Phase 3 results show the therapy plus recombinant human hyaluronidase is comparably safe and effective for patients with relapsed-refractory multiple myeloma.
New phase 3 trial results show that subcutaneous (SC) daratumumab is non-inferior to intravenous (IV) administration of therapy in patients with relapsed or refractory multiple myeloma (RRMM).
The data, presented at the American Society of Clinical Oncology (ASCO) 2019 Annual Meeting in Chicago, IL, show SC administration of the therapy is comparable—if not more efficacious in certain aspects—as a method of care for patients with the rare condition.
Investigators—led by Maria-Victoria Mateos, MD, PhD, associate professor of Medicine at the University of Salamanca in Spain—conducted a randomized, open-label, non-inferiority trial comparing SC and IV administration of daratumumab among 522 patients with RRMM.
Median patient age was 67 years, and median baseline weight was 73 kg (160.9 lbs). They received a median 4 lines of therapy (LOT) after therapy regimens of daratumumab once-weekly for the first 28-day cycles (C1-2), once every 2 weeks for C3-6, and once every 4 weeks thereafter. Daratumumab 1800 mg plus recombinant human hyaluronidase PH20 (rHuPH20; ENHANZE) SC was administered to 263 patients; daratumumab 16 mg/kg IV was administered to 259 patients.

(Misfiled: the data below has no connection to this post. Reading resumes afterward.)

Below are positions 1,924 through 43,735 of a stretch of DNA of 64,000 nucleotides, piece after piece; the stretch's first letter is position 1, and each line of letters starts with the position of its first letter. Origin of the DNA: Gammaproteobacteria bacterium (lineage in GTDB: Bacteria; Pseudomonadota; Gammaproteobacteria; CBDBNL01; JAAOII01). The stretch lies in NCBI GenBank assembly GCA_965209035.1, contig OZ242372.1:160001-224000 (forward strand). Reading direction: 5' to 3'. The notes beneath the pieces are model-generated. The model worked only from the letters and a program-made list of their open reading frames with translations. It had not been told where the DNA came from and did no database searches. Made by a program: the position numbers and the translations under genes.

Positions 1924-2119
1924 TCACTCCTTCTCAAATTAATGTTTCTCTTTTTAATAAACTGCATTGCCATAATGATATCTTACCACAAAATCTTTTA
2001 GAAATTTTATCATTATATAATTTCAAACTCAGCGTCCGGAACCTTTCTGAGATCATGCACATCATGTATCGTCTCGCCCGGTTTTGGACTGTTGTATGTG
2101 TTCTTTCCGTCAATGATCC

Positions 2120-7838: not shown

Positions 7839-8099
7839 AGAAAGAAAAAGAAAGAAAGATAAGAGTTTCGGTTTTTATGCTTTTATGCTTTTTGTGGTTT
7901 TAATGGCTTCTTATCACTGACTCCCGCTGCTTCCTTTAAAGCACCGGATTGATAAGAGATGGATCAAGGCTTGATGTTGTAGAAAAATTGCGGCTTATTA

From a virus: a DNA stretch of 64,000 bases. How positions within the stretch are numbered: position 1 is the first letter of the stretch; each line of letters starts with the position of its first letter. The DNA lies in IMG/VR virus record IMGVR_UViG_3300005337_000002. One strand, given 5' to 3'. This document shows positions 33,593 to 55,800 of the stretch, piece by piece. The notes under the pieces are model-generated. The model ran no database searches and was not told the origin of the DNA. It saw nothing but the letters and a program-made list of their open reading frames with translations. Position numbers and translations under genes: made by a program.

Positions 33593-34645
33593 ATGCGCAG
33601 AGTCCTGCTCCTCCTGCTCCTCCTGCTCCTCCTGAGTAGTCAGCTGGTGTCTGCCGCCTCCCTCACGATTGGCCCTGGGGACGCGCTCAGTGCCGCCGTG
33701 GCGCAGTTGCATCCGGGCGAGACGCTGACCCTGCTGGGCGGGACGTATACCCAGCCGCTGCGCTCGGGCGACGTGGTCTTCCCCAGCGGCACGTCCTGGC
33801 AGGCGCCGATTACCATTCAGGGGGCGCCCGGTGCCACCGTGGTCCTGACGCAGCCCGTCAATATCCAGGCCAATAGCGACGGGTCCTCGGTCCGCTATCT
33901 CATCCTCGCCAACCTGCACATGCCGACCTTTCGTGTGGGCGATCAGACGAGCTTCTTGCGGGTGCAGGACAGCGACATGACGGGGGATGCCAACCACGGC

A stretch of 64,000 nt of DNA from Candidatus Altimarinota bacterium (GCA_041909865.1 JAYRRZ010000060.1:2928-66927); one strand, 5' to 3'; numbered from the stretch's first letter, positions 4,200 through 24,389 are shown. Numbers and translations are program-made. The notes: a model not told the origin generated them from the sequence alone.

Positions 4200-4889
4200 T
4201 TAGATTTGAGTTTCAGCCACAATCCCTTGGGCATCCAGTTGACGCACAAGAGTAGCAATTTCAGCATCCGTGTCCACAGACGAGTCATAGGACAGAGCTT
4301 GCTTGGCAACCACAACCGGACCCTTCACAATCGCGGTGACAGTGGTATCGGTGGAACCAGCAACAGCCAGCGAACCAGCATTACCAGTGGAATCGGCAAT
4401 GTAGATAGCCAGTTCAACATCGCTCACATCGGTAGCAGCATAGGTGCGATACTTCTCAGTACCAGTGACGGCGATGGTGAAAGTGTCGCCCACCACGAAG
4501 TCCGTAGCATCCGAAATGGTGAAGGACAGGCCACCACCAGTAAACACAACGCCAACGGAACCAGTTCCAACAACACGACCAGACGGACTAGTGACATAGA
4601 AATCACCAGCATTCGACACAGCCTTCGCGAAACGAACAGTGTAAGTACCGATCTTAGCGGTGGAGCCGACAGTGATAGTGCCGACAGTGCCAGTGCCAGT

SC form of the therapy was given over 3-5 minutes at alternating left and right abdominal sites. Patients must have received at least 3 prior LOT, or were double refractory.
Investigators assessed for co-primary endpoints of overall response rate (ORR) as per the Farrington-Manning test, with non-inferiority defined as 60% ORR retention. They also gauged for non-inferiority as pre-dose C3D1 daratumumab Ctrough, with achievement measured as lower bound of 90% confidence interval for the ratio of geometric means of at least 80%.
Median patient follow-up period was 7.5 months. Investigators reported ORR as 41% for SC therapy and 37% for IV therapy. Patients administered daratumumab subcutaneously retained at least 89% of the benefit of the IV regimen (97.5% CI). Geometric mean ratio of Ctrough for daratumumab SC was 108% over IV (12.7% vs 34.5%; P < .0001).
The team also reported median injection duration of 5 minutes for the SC therapy, and a median infusion duration of 421/255/205 minutes for the first, second, and subsequent IV infusions.
Common treatment-associated adverse events (occurring in at least 15% of patients) included anemia, neutropenia, thrombocytopenia, and diarrhea. Progressive disease (43% SC; 44% IV) and adverse events (7% SC; 8% IV) were the primary drivers of treatment discontinuation.
Mateos and colleagues concluded efficacy and pharmacokinetic endpoints were met, as daratumumab SC reported non-inferiority to the IV therapy—while also decreasing on infusion-related reaction rates and time to administration and showing a comparable safety profile.
The findings support phase 1b results showing potential benefits of daratumumab SC plus rHuPH20 in patients with RRMM, and indicate its feasibility as a real-world practice for the rare cancer condition.
The study, “Efficacy and safety of the randomized, open-label, non-inferiority, phase 3 study of subcutaneous (SC) versus intravenous (IV) daratumumab (DARA) administration in patients (pts) with relapsed or refractory multiple myeloma (RRMM): COLUMBA,” was presented at ASCO 2019.